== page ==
On conclusion of this process a final detailed investment paper is submitted to our investment committee, summarising the due diligence findings, and making recommendations. The decision ultimately on whether to proceed to legal completion of the investment will be made at this point. The end to end process takes on average 8-12 weeks for a debt investment and typically between 4-6 months for an equity investment.

4. What sort of corporate activity are businesses looking to finance?

SMEs approach Maven seeking finance to help them grow their businesses. For instance, investment in new products/markets, development capital to drive revenue growth, acquisition finance or funding for a management buy-out.

5. What sort of businesses have been successful in the past?

Good ideas come in all shapes and sizes but success tends to be driven by a capable management team. Some of Maven’s recent investments that have achieved strong returns for investors include Quorum Cyber, an award winning cyber security business, where the Maven VCTs achieved a return of more than 6.5x in just 18 months. Another is Titan Wealth, a buy and build platform to consolidate the discretionary fund management sector, which is set to deliver an IRR in excess of 100% for investors. We also find that successful businesses are often the ones that find a niche or have strong core characteristics such as a sector-disruptive business model which is capable of being scaled.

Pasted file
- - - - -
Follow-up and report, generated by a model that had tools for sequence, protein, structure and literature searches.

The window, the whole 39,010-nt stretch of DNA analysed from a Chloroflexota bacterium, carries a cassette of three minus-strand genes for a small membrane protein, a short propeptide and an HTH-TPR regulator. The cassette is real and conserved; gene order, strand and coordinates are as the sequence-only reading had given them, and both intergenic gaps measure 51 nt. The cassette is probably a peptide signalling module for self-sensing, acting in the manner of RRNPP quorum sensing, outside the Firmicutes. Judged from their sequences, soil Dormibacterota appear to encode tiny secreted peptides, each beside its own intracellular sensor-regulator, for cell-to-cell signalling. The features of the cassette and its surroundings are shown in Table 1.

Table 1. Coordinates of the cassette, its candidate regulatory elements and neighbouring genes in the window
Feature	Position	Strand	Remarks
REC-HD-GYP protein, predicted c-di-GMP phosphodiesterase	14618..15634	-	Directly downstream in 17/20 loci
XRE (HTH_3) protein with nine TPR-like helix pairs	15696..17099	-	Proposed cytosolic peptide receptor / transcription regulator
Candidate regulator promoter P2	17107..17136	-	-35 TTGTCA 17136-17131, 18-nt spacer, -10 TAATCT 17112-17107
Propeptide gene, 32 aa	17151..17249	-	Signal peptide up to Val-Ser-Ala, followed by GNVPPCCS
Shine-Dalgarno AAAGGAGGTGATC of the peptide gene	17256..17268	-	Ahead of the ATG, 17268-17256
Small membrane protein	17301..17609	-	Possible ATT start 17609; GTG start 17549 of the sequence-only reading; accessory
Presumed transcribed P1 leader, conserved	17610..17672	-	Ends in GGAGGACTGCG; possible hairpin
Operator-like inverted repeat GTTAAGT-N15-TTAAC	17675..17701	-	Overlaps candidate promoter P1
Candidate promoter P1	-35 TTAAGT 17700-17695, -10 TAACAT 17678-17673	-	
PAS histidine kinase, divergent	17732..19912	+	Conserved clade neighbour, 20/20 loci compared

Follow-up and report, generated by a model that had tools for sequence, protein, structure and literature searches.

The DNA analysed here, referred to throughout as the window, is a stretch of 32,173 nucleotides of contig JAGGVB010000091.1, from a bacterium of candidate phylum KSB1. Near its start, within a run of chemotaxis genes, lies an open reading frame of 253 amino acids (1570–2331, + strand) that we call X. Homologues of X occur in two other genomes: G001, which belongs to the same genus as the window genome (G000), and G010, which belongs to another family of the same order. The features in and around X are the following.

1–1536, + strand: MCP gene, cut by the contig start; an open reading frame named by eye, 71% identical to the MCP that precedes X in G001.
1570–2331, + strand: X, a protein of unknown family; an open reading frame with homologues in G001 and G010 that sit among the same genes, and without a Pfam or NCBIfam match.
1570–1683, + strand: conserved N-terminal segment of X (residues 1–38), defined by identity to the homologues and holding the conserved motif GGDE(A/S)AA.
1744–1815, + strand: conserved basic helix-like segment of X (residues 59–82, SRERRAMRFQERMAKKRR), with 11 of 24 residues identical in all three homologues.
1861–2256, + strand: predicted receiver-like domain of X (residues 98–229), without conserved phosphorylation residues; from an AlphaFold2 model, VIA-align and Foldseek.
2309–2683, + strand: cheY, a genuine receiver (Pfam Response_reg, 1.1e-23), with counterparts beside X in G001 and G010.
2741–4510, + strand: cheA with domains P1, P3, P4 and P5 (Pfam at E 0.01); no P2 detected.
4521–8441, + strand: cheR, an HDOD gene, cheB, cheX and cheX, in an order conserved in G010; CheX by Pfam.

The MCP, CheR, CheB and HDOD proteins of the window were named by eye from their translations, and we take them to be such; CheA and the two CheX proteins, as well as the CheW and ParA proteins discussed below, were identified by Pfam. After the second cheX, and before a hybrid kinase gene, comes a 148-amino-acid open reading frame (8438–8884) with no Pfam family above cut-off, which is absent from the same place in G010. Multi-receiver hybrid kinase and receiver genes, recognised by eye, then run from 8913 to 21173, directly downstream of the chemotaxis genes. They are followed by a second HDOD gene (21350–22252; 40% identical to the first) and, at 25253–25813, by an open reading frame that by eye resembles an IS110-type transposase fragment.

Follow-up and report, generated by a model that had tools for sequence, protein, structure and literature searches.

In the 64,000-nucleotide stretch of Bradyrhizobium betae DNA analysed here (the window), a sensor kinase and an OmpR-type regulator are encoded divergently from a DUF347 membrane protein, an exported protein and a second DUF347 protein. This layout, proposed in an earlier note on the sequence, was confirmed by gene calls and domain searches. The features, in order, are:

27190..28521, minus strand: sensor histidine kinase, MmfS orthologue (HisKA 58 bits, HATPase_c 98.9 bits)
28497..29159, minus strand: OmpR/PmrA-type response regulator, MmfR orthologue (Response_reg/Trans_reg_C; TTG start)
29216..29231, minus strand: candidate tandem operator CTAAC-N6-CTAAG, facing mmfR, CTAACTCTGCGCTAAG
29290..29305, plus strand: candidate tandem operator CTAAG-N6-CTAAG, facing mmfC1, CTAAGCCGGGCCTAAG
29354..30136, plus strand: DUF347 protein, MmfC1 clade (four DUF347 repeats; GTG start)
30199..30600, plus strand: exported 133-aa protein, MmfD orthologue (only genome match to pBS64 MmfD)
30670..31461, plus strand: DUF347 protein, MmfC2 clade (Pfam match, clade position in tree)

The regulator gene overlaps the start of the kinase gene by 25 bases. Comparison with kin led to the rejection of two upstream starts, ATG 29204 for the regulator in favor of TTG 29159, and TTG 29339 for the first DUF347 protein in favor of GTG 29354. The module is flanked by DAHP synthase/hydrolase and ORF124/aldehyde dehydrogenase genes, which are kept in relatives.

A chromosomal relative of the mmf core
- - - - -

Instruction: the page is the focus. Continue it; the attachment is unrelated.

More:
6. What tips can you give to businesses pitching? What makes a good pitch?

A knowledge of the market and competitive space is important; being able to articulate the opportunities and threats and how you plan to address these shows clear business vision.

Any investment proposal should also include comprehensive information on the company’s financials: historic trading performance, 3 years projections and details of the underlying assumptions on turnover growth, gross margin, overheads, and cash flow as well as outlining how the funding will be used. 

Plus, don’t forget to outline any aspirations around exit as this will help align investors’ interests with your own from the outset.

7. What is a common mistake made by small businesses seeking finance?

On the whole, companies tend to underestimate the amount of funding they need for a combination of reasons: trying to limit dilution, getting staff up to speed which can take longer than anticipated, and disruption to business as usual during the fundraising process. However, if the investment case remains strong, Maven has the capacity to perform follow-on funding to support its portfolio companies.  

Potential investors will also want to see that you have a firm grip on the cash flow. Effective cash flow management and liquidity within a company is essential for survival. Cash, not profits, is the lifeblood of any business and enables it to operate. Problems may start to occur where cash generation is low as business owners may then be unable to meet their obligations to suppliers. On the other hand, retaining too much cash within a business can mean this is not being re-invested to generate growth, so the right balance needs to be achieved. 

8. Any top tips for companies looking for investment through a VCT?

The EIS and VCT qualification rules are often being tweaked which can be challenging for companies looking to raise capital under these schemes. My tip would be to work with an adviser who lives and breathes EIS/VCT so you will always be on the front foot when it comes to optimising your business for this type of funding. Whether it means capitalising a portion of your R&D or taking a modest EIS investment prior to the 7th anniversary of your first commercial sale.